Our press release on the consent order proposed today between the State of North Carolina and Duke Energy:
(Charlotte, N.C.) The State of North Carolina and Duke Energy today proposed a 25-page consent order aimed at stopping seepage and closing coal ash ponds. The Catawba Riverkeeper has reviewed the proposal.
“This consent order is a necessary admission that these seeps are a problem Duke has not been able to deal with. However, as proposed, the details in the order are inadequate to ensure that coal ash seepage stops leaving Duke’s unlined sites on the banks of our drinking water reservoirs,” says Catawba Riverkeeper Sam Perkins. “This is a start and provides a framework for dealing with this issue, which has drawn out for years now. However, in its details, the order fails to ensure compliance and diligence that Duke has demonstrated it is either unable or unwilling to exhibit with its past, criminally negligent behavior.”
The Catawba River has two of North Carolina’s largest coal ash sites – Allen (Lake Wylie) and Marshall (Lake Norman). Since 2013, the Catawba Riverkeeper Foundation (represented by the Southern Environmental Law Center) has been engaged in litigation over water quality and permitting issues to secure real cleanups of these sites and ensure safe drinking water downstream.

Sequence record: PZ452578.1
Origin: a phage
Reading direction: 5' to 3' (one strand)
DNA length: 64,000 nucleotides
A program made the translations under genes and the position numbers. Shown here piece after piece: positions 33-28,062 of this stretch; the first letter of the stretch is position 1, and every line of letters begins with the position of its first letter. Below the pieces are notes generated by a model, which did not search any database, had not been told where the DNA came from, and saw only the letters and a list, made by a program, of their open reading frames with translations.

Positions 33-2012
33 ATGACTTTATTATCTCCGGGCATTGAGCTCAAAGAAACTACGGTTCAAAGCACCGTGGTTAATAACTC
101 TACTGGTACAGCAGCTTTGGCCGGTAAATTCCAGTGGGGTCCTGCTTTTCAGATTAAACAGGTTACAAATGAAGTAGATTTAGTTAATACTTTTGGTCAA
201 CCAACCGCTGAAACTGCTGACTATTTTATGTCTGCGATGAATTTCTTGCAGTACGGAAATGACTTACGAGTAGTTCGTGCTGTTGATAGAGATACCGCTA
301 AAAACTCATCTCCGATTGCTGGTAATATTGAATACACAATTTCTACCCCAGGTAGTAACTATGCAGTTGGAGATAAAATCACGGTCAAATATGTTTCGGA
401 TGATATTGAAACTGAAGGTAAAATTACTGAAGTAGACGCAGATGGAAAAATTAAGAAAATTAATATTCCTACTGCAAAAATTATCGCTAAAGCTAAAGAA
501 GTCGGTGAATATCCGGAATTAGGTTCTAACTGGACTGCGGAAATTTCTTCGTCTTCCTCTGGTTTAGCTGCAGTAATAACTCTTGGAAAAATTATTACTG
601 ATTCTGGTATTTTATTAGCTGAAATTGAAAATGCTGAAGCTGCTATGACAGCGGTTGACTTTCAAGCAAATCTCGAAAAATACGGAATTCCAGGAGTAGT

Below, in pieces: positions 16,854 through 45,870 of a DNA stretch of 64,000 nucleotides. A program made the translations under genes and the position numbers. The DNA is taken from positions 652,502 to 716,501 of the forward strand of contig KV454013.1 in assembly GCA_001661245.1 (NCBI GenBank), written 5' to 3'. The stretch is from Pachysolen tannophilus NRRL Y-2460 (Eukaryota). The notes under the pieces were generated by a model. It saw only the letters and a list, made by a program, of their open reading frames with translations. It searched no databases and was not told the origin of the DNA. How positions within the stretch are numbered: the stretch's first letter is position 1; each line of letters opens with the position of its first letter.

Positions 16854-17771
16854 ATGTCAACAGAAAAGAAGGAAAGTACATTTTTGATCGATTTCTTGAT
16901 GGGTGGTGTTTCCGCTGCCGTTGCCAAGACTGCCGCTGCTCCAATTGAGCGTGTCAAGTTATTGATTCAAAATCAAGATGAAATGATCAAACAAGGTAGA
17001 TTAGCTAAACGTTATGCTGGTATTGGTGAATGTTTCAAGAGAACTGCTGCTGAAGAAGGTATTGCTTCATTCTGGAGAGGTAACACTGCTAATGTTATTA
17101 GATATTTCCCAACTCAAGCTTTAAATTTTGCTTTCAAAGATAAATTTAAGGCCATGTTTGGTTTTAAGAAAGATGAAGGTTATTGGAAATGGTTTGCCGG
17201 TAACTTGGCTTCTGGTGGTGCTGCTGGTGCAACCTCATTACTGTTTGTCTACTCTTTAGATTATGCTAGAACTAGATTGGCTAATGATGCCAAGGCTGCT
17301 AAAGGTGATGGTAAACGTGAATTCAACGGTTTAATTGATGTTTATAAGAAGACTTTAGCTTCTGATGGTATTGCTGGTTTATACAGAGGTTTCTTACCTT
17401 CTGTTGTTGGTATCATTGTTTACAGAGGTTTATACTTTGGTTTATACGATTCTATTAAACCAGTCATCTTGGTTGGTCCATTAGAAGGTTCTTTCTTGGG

There are other concerns as well. For example, the Catawba Riverkeeper has identified multiple seeps at Allen that are not included and that should be. It also fails to require monitoring for all coal ash-associated elements that have been found to exceed water quality standards.
“While the consent order requirements do move toward closure, they do not move toward cleanup. These are enormous, old sites. Duke has demonstrated it is disingenuous about putting forth the resources to diligently and safely maintain these sites. There is a lot we continue to figure out for Duke, such as the corroding original Allen discharge pipe for Duke last December (like what corroded at Dan River in 2014), as well as finding Allen’s original 1977 inspection report for Duke.”
“The proper, common-sense way to deal with the sites is to clean them up and recycle coal ash into concrete. This is being done throughout the rest of the Carolinas to mitigate risk and allow us all to move on from allowing this needless threat to our drinking water and the natural environment to loom propped up more than 75 high on the waterfront.”